Kedzie Committee Gets A Short Reprieve
State Sen. Neal Kedzie, (R-Elkhorn), had asked legislative leaders to give him until the end of the year to whip his Great Lakes study committee into shape.
Apparently, those bi-partisan leaders have reached something of a compromise:
Kedzie has announced that he's been given until September instead - - which means he and his 18-member committee will have to work hard through the summer to resolve deep divisions and report out a proposed bill relatively quickly.
The committee, stalled over objections from Waukesha political and business interests who want Wisconsin's endorsement of the Great Lakes Compact (a water management agreement) watered-down to permit easy diversions to sprawling Waukesha County, has not met since December.
I posted an extensive analysis of this problem, here.
To sum it up, the extension is a mistake.
Extending Kedzie's committee only guarantees further delay; That is because it is top heavy with Waukesha legislators, local officials and development executives who are putting their interests before those of an international region holding the Great Lakes in common trust.
Kedzie's announcement, reproduced on a blog posted by The Milwaukee Journal Sentinel on behalf of some legislators, is reproduced below:
"TUESDAY, June 12, 2007, 1:46 p.m.By Sen. Neal Kedzie (R-Elkhorn)
Compact would protect water, allow some diversion
Earlier today, I appeared before the Joint Legislative Council in my role as chair of the Special Committee on the Great Lakes Water Resources Compact to provide a status report on the work of the committee.
The joint council created this special committee in an effort to study the feasibility of Wisconsin joining seven other Great Lakes states to ultimately ratify the compact.
The compact was signed by the eight governors of the Great Lakes basin states in 2005, and provides -- in its simplest of terms -- a procedural mechanism for those states to provide limited diversions and withdrawals of Great Lakes water for communities in need of such water.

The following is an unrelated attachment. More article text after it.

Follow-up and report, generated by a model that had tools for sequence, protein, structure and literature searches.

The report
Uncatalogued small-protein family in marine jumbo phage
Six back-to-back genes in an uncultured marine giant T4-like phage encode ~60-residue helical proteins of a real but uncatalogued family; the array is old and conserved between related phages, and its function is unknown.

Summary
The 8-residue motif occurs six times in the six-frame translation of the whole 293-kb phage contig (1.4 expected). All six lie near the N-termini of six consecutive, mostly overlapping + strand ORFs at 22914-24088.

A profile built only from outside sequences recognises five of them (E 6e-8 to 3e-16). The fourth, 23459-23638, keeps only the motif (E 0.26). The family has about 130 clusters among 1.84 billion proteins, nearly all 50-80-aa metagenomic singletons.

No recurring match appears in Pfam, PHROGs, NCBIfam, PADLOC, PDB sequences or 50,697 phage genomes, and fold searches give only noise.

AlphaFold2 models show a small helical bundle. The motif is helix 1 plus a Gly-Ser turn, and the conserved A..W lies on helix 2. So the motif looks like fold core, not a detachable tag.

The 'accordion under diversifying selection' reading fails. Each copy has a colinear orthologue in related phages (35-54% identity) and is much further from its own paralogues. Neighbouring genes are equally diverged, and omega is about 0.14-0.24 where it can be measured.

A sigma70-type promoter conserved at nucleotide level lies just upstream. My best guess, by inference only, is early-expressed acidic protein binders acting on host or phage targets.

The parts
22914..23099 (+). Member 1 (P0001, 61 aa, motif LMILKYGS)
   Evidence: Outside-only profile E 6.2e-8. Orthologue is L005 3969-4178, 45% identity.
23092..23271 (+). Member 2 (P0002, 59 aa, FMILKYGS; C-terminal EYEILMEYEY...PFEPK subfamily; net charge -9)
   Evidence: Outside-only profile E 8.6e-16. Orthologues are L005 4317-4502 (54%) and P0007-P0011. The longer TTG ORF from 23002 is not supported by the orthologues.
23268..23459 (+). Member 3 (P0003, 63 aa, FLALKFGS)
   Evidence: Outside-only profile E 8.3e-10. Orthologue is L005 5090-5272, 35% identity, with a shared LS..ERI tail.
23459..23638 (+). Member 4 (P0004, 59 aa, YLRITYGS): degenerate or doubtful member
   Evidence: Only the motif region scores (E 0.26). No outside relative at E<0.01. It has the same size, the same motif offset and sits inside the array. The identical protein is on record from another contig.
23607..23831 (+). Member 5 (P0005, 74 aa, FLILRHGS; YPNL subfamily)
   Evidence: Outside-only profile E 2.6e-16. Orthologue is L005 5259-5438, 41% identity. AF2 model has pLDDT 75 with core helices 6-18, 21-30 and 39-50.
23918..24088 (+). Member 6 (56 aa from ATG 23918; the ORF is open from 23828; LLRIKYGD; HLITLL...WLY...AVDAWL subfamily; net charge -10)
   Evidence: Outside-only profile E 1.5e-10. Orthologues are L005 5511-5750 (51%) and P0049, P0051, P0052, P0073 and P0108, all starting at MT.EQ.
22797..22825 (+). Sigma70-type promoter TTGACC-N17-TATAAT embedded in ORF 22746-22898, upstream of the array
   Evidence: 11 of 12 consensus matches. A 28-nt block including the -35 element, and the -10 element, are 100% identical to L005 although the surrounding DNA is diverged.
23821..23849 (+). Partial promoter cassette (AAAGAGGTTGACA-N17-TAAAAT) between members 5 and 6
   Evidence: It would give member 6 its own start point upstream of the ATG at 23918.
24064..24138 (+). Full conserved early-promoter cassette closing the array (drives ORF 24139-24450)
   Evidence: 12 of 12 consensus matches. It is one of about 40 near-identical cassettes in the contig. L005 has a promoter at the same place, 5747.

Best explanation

Each state Legislature, then, must devise a comprehensive plan to create legislation in order to implement the compact in each respective state.
The goal is to protect the resource as much as possible, while at the same time, create a reasonable process for communities with potential water shortages.
The Wisconsin Legislature is engaged in this issue through the special committee.While the committee has made significant progress over the last several months, more time will be needed to reach finality with this process and find compromise on many unresolved issues.
By their vote of approval, the Joint Legislative Council granted additional meetings for the special committee to work towards that goal, however a deadline of September 15, 2007 was set.
While I felt more time was needed, I will do all I can as chair of this special committee to work within that timeframe and bring this process to an endpoint by that date. "
Note that Kedzie's explanation to his colleagues of what the Compact (see how the Council of Great Lakes Governors describes the matter, for comparison, at the very end of this post) is puts heavy emphasis on how diversions could assist communities seeking them.
The Compact, while rationalizing diversion procedures, also contains provisions about conservation, bottled water, public participation and other coordinated water-management issues.
And it makes clear, through long checklists, that diversions are matters of last resort, because the thrust of the Compact, already in existence with Wisconsin's leadership since 1985, is conservation and stewardship by eight states and two Canadian provinces of what is a unique fresh water resource on the planet.
That is why many environmental and conservation organizations in Wisconsin want the Badger state's version of the compact to have unambiguously strong language on some key points that business and property rights' advocates want trimmed or eliminated.